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© Courtesy of Brian Jeffery Beggerly/Flickr

Central Region

Central Thai cuisine is the most unique. This region is lucky in that it can pull from all of its surrounding geographic regions. Specialities from both the north and the south of Thailand are often utilized in central Thai cuisine, allowing vendors and cooks to tweak dishes as they please as many of the same ingredients are readily available. The flavors here are usually a bit milder in comparison to other regions.

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Wat Chai Watthanaram | © Courtesy of Pixabay

Bangkok is certainly the largest and most well-known city in the central region of Thailand. While it is technically central, it certainly has its own unique spin on food because of the city’s accessibility to ingredients and cuisine from all over the world.

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Bangkok | © Courtesy of Pixabay

Thai meals normally consist of four to five different courses in the central region. These dishes include a type of soup, a fried dish, a spicy salad, a curry or some type of fish, and vegetables. Thai people usually eat and order meals family-style, so all of these dishes are shared amongst a number of people.

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Bangkok Street Food | © Courtesy of Pixabay

It is also very common for Bangkokians to order a signature Thai dessert with this full course meal. The desserts are normally quite sweet here, and some of the most popular desserts visitors will likely come across in the central region include thong yod (gold drop) and thong yip (to pick up gold). Both of these are famous for apparently bringing luck to the diner.

Southern Region

As we head south of Bangkok, the food changes almost as drastically as the landscaping. From rural northern Thailand to the busy city of Bangkok, we have finally made our way to the south of Thailand. This region may be famous for its beaches, but the food here is certainly just as noteworthy. This region’s cuisine is oftentimes overlooked when compared to the seemingly strange dishes in the north; however, the southern region’s spicy curries, soups, and salads certainly give its northern neighbor a run for its money.

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Southern Thailand Coastline | © Courtesy of John Shedrick/Flickr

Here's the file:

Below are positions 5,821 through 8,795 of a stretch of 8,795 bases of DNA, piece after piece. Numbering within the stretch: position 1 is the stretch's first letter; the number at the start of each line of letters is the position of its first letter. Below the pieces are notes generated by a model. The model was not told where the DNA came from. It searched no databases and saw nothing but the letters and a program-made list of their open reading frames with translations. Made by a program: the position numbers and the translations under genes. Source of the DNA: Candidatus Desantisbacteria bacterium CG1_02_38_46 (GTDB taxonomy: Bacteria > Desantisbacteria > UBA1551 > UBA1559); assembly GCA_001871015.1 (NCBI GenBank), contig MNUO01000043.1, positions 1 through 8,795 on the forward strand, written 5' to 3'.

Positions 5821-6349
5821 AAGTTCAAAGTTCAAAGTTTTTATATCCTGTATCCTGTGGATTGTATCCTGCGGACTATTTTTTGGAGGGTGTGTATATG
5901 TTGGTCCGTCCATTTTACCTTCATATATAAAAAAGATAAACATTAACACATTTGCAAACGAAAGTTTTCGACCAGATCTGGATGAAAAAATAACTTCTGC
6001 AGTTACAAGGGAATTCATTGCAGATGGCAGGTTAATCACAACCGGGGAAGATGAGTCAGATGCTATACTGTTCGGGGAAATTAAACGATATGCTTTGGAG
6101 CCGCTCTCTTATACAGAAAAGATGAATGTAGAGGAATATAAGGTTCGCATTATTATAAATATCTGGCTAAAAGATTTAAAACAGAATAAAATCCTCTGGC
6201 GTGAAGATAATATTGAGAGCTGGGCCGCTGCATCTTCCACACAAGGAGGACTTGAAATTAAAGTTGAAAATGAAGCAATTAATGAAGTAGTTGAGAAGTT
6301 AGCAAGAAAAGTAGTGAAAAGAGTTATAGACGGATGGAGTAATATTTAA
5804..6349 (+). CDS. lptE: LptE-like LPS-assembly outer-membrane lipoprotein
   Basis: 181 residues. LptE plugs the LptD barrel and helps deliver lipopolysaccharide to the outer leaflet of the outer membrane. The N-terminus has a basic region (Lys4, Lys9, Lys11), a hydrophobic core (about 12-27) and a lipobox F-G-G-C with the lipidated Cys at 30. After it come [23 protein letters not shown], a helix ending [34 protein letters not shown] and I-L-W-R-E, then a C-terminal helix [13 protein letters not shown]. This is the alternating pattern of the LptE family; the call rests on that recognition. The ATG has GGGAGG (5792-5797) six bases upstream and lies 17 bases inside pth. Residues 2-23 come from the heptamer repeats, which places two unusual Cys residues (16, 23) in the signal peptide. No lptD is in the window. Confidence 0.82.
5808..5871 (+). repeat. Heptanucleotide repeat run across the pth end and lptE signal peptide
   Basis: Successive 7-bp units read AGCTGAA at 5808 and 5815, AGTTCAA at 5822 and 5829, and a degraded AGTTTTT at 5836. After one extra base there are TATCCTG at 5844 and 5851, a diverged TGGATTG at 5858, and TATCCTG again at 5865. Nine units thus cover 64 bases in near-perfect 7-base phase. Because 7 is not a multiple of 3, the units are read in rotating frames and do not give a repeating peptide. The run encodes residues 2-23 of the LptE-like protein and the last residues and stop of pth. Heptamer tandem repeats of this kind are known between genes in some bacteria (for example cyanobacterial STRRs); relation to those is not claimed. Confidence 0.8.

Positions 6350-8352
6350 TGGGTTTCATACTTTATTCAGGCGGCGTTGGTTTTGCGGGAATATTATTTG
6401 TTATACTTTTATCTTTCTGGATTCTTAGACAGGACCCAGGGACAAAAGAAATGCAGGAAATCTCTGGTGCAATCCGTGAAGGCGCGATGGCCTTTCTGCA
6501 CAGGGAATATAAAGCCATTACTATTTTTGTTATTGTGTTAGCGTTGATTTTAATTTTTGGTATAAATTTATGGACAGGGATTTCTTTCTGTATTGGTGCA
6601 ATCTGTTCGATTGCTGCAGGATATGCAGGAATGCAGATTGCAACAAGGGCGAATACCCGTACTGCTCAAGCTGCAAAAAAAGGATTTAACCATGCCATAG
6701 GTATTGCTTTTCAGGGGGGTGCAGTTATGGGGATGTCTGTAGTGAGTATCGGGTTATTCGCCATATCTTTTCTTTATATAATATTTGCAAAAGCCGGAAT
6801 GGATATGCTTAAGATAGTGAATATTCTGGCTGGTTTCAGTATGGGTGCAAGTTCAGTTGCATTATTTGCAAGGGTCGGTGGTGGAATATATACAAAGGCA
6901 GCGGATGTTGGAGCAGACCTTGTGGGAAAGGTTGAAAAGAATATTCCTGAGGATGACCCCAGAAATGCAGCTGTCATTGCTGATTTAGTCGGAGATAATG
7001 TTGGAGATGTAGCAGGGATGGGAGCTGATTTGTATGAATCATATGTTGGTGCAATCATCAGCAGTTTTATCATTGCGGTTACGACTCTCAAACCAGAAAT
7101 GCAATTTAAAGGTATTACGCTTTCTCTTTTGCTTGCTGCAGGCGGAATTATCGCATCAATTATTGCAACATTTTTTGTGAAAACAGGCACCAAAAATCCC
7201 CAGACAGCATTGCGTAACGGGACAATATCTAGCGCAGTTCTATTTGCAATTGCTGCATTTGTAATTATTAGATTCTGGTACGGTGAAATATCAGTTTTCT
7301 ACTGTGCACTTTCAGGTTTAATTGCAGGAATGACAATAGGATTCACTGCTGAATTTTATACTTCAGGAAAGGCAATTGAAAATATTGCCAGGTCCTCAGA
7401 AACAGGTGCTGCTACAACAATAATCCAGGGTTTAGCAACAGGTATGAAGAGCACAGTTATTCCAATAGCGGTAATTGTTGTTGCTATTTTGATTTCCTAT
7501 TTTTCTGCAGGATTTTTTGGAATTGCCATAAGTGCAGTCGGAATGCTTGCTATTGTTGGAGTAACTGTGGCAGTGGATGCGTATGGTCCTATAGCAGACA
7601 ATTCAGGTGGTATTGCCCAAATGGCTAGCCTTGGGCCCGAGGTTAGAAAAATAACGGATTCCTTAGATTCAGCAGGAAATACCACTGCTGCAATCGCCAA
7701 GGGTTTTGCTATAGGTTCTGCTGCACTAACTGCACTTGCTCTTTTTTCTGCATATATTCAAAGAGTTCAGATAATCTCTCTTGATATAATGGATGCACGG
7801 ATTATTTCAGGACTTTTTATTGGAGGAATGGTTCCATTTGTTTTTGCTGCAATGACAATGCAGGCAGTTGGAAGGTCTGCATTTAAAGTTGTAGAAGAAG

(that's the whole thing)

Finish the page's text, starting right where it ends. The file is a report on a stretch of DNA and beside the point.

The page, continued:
Those looking for intense flavor should head to the south of Thailand. It is here the dishes are not only the spiciest but also the saltiest. Fish sauce is used in a number of dishes here, and seafood is in abundance in the south of Thailand: the seafood export industry in Thailand is the fourth largest in the world. This is certainly reflected in the dishes here.

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Thai seafood dish | © Courtesy of Pixabay

Curries are extremely popular in Thailand, but the most delicious and flavorful ones will be found in the south. Unlike the north, the curries here tend to be extremely thick, flavorsome, and very spicy. Instead of using yogurt like in India, the curries in Thailand are made with coconut milk, which makes them a bit thinner. Curries in the north, however, normally use a broth or stock, so southern curries are still thicker in comparison. This region is also known for drawing upon flavors that originate from nearby countries. For example, it utilizes flavors and ingredients from Malaysia and Indonesia.

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ข้าว ยำ สงขลา khao yam Songkhla — Songkhla-style rice salad | © Courtesy of Ron Dollete/Flickr

Coconut is found in as many of the dishes in the south as it is readily available in nature. Coconut milk is used to create a number of this region’s signature dishes, including curries and soups. It is oftentimes used in place of different types of cooking oils as well, and it makes dishes thicker and creamier. Coconuts are not the only thing found in abundance here: pineapples also flourish in the climate, making them a common item in dishes available.

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Kua Kling Phat Tha Lung | © Courtesy of TheDeliciousLife/Flickr